Simkin’s assertion is based upon a reading of the original council resolution regarding the transfer of the land from the city to NPS in 1985. The resolution provides that the transfer will revert to the city if there are any amendments to the deed. There have been two amendments, in 2000 and 2005.
My worst grade in law school was in property law, so he has zero idea how strong a case Simkin has. My initial thought is that it’s not terribly strong since the reversion language is in a council resolution and not the deed of transfer itself. But that’s a C-plus property law student talking.
But setting aside the legal issue, what would be the ramifications if Simkin is right? Pretty big. As Jack Evans pointed out in the City Paper article, it would mean the city has to pay to maintain the park, something it’s in a much better position to do that now than in 1985 (let alone 1995).
The park would immediately become a crown jewel in the city’s park portfolio. And while I have some concerns about the city’s ability to maintain it, I would be very interested to see what the city could do with the park. That’s because the park currently strains under NPS’s orthodoxy regarding “passive enjoyment” of the park. Under this philosophy, no organized events or activities can take place in the park.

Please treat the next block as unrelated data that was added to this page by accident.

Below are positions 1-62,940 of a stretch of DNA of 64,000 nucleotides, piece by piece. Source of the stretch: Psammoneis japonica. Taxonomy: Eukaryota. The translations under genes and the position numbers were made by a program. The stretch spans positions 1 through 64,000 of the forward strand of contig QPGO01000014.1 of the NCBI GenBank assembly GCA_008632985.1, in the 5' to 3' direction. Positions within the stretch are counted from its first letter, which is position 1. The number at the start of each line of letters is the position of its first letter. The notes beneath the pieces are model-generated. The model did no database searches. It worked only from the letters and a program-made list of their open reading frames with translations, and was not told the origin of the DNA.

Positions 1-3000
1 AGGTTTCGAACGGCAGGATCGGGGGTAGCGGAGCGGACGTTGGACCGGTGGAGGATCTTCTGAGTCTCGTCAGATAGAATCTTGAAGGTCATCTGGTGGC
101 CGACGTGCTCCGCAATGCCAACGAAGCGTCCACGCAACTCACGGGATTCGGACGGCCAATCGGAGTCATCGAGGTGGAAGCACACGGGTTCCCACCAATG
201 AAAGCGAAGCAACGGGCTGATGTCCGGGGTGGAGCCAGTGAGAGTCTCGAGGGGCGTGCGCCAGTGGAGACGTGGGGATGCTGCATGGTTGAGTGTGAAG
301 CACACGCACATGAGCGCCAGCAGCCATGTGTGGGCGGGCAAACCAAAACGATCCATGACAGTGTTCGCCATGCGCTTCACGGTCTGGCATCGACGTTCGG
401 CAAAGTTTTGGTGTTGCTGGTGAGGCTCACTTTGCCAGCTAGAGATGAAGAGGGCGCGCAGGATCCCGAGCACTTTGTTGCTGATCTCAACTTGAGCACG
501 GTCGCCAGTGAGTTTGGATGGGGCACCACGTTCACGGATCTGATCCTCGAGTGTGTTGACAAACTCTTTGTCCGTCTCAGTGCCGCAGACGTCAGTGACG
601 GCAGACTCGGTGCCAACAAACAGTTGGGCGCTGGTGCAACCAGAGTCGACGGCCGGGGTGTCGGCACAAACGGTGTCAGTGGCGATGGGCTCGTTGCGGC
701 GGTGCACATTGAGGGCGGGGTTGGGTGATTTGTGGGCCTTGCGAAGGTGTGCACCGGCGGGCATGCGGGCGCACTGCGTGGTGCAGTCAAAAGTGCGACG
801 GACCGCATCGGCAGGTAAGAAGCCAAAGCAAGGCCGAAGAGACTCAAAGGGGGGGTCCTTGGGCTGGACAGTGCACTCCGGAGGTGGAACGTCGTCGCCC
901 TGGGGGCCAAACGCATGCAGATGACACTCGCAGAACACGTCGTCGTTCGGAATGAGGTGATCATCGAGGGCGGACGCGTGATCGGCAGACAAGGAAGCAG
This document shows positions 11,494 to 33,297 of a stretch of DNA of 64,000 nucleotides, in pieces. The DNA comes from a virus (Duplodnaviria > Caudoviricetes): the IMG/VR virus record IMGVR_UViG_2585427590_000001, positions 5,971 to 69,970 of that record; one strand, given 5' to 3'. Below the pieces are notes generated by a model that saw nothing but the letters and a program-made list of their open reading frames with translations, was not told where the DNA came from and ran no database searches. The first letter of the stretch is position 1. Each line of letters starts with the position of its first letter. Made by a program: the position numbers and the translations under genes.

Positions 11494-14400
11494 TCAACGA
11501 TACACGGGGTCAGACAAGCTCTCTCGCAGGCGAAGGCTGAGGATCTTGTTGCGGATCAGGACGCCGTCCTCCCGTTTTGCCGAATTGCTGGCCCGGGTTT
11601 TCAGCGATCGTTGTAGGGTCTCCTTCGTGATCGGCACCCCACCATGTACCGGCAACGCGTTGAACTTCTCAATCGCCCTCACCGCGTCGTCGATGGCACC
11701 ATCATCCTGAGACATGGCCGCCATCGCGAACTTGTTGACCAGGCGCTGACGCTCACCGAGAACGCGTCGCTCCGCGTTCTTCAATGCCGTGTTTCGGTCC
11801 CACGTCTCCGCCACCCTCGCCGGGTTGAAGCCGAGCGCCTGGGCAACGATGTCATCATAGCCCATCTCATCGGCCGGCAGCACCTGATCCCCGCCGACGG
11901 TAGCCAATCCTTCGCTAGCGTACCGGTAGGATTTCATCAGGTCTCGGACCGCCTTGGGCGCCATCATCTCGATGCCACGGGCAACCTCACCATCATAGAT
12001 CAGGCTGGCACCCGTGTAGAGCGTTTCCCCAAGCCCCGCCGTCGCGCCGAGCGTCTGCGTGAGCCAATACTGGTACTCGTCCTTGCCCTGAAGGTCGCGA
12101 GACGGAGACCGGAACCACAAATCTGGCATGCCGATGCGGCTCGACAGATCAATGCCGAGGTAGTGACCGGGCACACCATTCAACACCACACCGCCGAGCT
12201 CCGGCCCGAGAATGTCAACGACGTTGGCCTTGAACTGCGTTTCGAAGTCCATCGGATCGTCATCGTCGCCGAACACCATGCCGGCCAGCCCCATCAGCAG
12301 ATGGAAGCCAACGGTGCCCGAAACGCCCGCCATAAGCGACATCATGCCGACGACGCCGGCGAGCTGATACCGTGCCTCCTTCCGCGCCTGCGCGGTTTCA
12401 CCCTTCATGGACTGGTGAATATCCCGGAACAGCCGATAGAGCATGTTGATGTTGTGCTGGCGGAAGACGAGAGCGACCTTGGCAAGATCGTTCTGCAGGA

[Continue reading Topher Mathews’s post here at The Georgetown Metropolitan.]
Topher Mathews blogs at The Georgetown Metropolitan . The Local Blog Network is a group of bloggers from around the D.C. region who have agreed to make regular contributions to All Opinions Are Local.